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After fire, Philadelphia refinery paid executives $4,591,500 in bonuses while hundreds were laid off

Philadelphia Energy Solutions paid out bonuses to key executives after announcing most of the refinery's 1,100 employees would be laid off without severance or health benefits.

File photo shows former Sunoco oil refinery now owned by Philadelphia Energy Solutions along the Schuylkill River, in South Philadelphia.
File photo shows former Sunoco oil refinery now owned by Philadelphia Energy Solutions along the Schuylkill River, in South Philadelphia.Read moreMichael Bryant / Staff Photographer

Philadelphia Energy Solutions paid out about $4.6 million in retention bonuses to eight key executives after a devastating June fire closed the giant Schuylkill River refinery complex, but before the company declared bankruptcy, court records show.

Most of the payments were made on July 5, while PES was in the process of closing the East Coast’s largest refinery, according to a filing with the U.S. Bankruptcy Court in Delaware. At the time, the refinery had announced plans to permanently shut the fuel complex and lay off most of its 1,100 employees without severance pay or health insurance coverage.

“It’s repulsive that they did that,” said Ryan O’Callaghan, a spokesperson for Steelworkers Local 10-1, which represents refinery workers. “While they’re telling everybody else they’re poor, bankrupt, had nothing for severance and canceled the medical benefits plan, ... they stuffed their own pockets.”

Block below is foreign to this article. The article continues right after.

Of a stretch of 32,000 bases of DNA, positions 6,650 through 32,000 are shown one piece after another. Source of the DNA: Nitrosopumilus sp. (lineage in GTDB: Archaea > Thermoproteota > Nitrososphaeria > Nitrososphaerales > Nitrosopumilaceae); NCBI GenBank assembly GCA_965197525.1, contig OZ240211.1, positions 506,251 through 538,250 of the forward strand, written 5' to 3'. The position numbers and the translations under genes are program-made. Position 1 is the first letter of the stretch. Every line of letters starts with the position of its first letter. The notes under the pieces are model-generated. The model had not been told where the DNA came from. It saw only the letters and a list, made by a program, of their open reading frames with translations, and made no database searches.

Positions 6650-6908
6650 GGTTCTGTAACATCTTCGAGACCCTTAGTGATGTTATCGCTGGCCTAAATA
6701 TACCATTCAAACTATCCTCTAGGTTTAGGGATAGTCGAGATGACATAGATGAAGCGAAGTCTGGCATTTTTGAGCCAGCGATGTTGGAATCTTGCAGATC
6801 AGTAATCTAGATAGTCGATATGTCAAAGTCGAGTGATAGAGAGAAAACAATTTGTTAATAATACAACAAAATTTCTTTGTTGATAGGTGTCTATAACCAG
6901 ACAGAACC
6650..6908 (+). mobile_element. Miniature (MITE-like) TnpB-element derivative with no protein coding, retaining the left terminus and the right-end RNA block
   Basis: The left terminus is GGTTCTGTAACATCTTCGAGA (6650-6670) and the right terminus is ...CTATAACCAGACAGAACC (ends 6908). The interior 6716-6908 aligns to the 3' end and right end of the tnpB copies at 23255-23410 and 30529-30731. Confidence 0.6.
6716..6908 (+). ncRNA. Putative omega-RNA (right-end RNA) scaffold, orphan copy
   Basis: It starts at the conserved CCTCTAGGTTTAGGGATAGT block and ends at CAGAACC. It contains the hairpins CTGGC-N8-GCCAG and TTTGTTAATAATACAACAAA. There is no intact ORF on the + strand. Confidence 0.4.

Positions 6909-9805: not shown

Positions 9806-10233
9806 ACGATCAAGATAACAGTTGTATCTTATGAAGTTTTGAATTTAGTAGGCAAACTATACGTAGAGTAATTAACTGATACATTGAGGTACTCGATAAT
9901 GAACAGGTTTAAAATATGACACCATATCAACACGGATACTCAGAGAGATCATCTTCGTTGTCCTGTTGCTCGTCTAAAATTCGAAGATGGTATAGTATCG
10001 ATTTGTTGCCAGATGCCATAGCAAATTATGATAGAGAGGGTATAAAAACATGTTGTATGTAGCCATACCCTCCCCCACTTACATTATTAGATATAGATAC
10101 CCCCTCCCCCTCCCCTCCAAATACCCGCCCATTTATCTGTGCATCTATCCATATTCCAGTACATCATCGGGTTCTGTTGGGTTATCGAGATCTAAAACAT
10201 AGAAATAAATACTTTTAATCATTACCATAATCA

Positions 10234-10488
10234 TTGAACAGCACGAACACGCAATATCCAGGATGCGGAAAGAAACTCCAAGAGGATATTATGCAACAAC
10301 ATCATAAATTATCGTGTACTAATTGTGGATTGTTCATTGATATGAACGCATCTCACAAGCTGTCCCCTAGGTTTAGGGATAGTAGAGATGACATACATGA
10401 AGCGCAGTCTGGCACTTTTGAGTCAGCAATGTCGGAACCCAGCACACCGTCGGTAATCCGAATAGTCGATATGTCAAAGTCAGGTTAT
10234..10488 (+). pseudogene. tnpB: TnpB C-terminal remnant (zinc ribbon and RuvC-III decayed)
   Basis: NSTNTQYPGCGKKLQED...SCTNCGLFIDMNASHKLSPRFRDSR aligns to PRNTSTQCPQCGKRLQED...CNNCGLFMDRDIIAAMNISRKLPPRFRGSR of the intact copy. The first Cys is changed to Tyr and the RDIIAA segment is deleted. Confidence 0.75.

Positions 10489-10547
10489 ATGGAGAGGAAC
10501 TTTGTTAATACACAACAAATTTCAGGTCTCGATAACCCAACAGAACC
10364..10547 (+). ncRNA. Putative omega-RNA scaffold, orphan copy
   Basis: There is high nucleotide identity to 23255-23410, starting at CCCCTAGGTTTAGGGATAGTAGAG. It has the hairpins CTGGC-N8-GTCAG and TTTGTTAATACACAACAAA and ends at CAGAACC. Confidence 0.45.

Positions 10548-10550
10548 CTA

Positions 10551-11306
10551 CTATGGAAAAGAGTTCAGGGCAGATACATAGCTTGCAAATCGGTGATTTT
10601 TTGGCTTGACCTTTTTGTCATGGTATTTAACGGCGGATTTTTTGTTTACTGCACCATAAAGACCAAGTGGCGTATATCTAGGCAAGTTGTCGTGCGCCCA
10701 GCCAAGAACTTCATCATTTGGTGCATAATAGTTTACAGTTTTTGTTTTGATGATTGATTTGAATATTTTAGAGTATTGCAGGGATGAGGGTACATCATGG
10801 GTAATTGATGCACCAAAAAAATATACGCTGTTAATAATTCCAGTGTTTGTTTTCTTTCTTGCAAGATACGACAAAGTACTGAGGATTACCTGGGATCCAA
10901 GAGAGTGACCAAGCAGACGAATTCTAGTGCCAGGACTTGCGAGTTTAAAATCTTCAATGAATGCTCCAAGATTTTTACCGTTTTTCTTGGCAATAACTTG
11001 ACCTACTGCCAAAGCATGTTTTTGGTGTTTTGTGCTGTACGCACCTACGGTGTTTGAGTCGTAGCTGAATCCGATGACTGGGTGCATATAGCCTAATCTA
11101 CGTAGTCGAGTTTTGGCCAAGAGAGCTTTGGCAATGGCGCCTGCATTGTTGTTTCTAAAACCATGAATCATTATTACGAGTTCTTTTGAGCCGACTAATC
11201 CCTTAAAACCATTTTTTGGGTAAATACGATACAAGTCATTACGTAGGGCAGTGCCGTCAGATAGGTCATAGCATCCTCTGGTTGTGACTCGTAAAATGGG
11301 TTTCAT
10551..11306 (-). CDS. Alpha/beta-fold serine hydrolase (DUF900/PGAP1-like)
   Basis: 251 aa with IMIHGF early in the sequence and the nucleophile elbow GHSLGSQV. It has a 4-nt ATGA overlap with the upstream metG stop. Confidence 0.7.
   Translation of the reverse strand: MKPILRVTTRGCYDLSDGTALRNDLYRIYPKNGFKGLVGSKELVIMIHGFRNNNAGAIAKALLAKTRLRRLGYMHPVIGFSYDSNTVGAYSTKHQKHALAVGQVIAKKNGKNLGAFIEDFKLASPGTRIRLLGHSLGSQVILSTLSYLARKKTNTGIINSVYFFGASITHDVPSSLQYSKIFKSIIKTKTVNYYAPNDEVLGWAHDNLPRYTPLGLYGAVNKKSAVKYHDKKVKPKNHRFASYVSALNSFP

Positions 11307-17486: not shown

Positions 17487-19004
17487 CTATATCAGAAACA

The payments were disclosed in financial documents filed Friday with the court. Representatives of the refinery and its lawyer could not be reached for comment on Tuesday. The bonuses were first reported by Reuters.

Retention bonuses are sometimes awarded to incentivize employees to remain at a troubled company during bankruptcy proceedings, when it is difficult to recruit new talent to work at a company that may be sold, or closed.

But paying retention bonuses before a bankruptcy filing is a “little trickier,” said Jonathan Lipson, a bankruptcy expert at Temple University’s Beasley School of Law. Changes to the federal bankruptcy code in 2005 encourage companies to submit key employee retention plans to the court for approval, and to tie bonuses to performances that can be demonstrated when the company emerges from bankruptcy.

“Key employee retention bonuses are not that uncommon in bankruptcy, but it is uncommon to pay them before bankruptcy knowing that you’re going to go into bankruptcy," Lipson said. Such bonuses might be challenged by a committee of unsecured creditors, or by a bankruptcy trustee if one is appointed.

The retention bonuses paid by PES were not included in a formal plan submitted to the court, but listed without comment in a 204-page financial report submitted to the court.

Chief executive officer Mark Smith received a $1.545 million retention bonus, according to the filing. Smith, who previously worked as president of refining and marketing at Western Refining Inc., was hired only last August.